Leukemia: The Most Common Childhood Cancer

  • Posted on September 16, 2014 by Pharma Models Blogging Team in Oncology

While leukemia affects adults as well as children, leukemia is the most common cancer among children and teenagers, accounting for 34% of all childhood cancer. The majority of childhood leukemia is acute, the American Cancer Society expressed. This includes acute lymphoblastic leukemia (ALL), acute myelogenous leukemia (AML), and a hybrid of the two. ALL originates in the lymphoid cells of the bone marrow while AML begins in the myeloid cells that form red and white blood cells along with platelets. Chronic leukemias, which take longer to grow, are much more common in adults and very rare in adolescents.

Causes of Childhood Leukemia

While this disease is a devastating diagnosis for parents and children to hear, childhood leukemia can be successfully treated. There is no single cause for childhood leukemia, but a significant number of cases are related to specific chromosomal translocations, resulting in the activation or inactivation of specific genes that are associated with the development of leukemia. In addition, exposure to radiation or certain types of chemotherapy is also associated with an increased risk of childhood leukemia.

Symptoms of the Condition

If a child exhibits any of the symptoms of leukemia, it is vital to visit the doctor right away. Early diagnosis will allow for a better chance at survival and treatment of the disease. Some common signs of leukemia include fatigue or weakness, pale skin, fever, bleeding, bruising, and infection.

Other symptoms a child may experience include shortness of breath and coughing, bone or joint pain, vomiting, headaches, seizures, swelling in face, arms, or abdomen, loss of appetite, and weight loss.

Diagnosing Leukemia

At first, a child will be taken through a physical exam and the doctor will assess medical history when diagnosing childhood leukemia. The typical diagnostic tests usually performed are: blood tests, bone marrow aspirations and biopsies, and a lumbar puncture to check for spread of leukemia cells in the fluid.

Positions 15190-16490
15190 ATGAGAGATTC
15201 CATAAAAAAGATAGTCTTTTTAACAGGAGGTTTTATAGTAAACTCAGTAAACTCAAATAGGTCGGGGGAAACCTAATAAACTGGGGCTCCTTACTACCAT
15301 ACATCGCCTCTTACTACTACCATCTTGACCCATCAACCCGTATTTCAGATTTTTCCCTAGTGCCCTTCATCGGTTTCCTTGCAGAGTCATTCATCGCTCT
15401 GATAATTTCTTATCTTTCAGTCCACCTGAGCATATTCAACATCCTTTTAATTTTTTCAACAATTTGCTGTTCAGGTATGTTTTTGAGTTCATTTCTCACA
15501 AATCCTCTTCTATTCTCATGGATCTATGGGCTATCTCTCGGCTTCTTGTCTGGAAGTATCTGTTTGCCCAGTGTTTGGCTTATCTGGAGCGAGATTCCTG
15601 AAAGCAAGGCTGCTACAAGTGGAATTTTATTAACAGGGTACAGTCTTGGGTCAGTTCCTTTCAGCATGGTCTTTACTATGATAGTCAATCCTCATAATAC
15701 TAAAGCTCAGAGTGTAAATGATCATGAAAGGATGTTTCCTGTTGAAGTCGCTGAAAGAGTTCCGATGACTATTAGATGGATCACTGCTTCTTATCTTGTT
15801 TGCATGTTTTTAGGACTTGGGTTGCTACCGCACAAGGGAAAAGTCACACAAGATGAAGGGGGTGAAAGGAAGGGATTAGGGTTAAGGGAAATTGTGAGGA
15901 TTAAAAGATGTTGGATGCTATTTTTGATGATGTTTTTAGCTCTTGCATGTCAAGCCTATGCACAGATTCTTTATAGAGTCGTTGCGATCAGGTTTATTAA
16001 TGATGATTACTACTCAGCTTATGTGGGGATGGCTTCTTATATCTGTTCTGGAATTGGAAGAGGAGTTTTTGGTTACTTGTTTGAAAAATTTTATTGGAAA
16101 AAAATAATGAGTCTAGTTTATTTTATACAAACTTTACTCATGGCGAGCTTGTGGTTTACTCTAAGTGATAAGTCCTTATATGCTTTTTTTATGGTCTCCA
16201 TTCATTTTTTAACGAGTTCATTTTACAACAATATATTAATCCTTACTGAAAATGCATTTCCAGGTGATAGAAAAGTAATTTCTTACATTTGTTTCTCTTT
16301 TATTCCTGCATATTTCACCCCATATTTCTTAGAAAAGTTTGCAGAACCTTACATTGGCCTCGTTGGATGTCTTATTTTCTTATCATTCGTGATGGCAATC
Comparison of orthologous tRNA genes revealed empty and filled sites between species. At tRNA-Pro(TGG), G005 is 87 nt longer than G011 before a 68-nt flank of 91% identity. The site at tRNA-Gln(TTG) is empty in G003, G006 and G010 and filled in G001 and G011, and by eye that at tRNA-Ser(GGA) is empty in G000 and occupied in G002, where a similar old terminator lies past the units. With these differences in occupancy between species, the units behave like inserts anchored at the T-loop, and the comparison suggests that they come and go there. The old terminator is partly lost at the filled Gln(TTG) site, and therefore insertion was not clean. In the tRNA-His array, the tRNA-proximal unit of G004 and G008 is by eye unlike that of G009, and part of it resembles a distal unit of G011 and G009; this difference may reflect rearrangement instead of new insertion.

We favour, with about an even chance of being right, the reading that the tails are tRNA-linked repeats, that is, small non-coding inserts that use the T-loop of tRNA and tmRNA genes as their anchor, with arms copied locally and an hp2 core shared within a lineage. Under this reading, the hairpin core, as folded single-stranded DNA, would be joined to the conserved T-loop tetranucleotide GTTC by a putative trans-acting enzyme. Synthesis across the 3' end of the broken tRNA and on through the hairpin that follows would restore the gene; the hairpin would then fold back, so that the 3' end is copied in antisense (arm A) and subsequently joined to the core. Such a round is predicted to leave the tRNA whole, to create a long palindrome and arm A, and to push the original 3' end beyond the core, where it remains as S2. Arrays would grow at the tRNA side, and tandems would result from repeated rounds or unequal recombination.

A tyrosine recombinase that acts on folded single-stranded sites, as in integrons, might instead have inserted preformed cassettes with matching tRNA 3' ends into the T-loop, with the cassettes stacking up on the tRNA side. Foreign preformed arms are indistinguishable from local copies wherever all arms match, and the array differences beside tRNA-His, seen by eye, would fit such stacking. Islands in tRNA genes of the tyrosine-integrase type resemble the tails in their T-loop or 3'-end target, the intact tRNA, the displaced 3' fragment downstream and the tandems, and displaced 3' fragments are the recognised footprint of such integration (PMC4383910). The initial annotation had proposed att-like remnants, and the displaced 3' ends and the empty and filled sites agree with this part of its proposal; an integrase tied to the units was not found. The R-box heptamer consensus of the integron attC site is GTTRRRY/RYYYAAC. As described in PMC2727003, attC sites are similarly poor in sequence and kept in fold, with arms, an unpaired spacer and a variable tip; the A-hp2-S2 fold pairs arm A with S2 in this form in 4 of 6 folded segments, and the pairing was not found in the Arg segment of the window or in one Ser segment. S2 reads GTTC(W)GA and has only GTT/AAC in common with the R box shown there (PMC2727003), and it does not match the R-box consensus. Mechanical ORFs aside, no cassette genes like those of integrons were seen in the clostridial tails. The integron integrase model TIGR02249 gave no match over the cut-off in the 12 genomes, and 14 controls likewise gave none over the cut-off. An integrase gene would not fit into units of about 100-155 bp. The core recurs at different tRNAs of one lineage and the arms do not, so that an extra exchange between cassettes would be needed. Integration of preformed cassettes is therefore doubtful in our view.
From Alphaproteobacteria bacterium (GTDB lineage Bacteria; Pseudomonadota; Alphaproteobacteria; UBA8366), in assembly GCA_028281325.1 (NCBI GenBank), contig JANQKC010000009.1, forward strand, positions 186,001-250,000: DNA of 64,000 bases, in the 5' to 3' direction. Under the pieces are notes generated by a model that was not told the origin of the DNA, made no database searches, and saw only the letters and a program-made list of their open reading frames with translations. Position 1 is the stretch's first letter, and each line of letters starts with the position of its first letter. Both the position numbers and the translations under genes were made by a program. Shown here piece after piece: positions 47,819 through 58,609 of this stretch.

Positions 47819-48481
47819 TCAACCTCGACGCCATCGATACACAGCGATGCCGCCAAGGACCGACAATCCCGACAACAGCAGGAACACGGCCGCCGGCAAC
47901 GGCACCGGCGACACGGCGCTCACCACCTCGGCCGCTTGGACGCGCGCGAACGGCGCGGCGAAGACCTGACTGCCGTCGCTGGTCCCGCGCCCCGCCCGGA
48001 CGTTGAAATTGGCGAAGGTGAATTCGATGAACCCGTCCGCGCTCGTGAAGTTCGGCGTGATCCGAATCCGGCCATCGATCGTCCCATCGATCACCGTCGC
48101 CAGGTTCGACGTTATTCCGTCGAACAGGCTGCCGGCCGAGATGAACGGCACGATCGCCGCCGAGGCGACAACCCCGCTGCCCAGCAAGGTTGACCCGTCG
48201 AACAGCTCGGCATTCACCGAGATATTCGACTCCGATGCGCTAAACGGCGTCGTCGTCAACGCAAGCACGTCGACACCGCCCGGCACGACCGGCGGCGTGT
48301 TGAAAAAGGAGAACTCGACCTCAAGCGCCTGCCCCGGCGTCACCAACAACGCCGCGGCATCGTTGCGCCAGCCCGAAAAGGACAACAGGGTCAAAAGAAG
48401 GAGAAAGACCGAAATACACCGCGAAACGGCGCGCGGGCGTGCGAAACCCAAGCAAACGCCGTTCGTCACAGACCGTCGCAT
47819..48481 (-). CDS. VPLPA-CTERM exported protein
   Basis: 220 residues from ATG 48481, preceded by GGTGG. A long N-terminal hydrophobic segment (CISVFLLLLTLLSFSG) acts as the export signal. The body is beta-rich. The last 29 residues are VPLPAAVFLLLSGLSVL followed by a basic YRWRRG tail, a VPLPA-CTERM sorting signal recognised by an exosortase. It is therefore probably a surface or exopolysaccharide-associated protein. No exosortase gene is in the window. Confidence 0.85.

If a child is diagnosed with leukemia, some of these tests may need to be repeated in the future to see the body’s response to treatment.

Treatments and Cures

Treatment of leukemia depends on the specific type of leukemia, and therefore on accurate diagnosis is important. ALL is typically treated first with aggressive chemotherapy to put the cancer into remission and then with consolidation/intensification therapy and maintenance therapy. The specific regimens used are generally based on an analysis of the cytogenetics of each individual leukemia and an assessment of the aggressiveness of the disease.

In AML, the pattern of treatment is similar, with induction of remission being the first priority, followed by a post-induction schedule, but the initial analysis of the specific subtype of AML plays a greater role in the choice of agents used.

Improvements in the understanding of childhood leukemia have improved survival rates from 50% to 85% in the last few decades, and it is expected that future pre-clinical research will sustain drug development and improve the rates of survival among children with leukemia. Clinical studies continue to bring hope to the eradication of leukemia.

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Categories: Oncology

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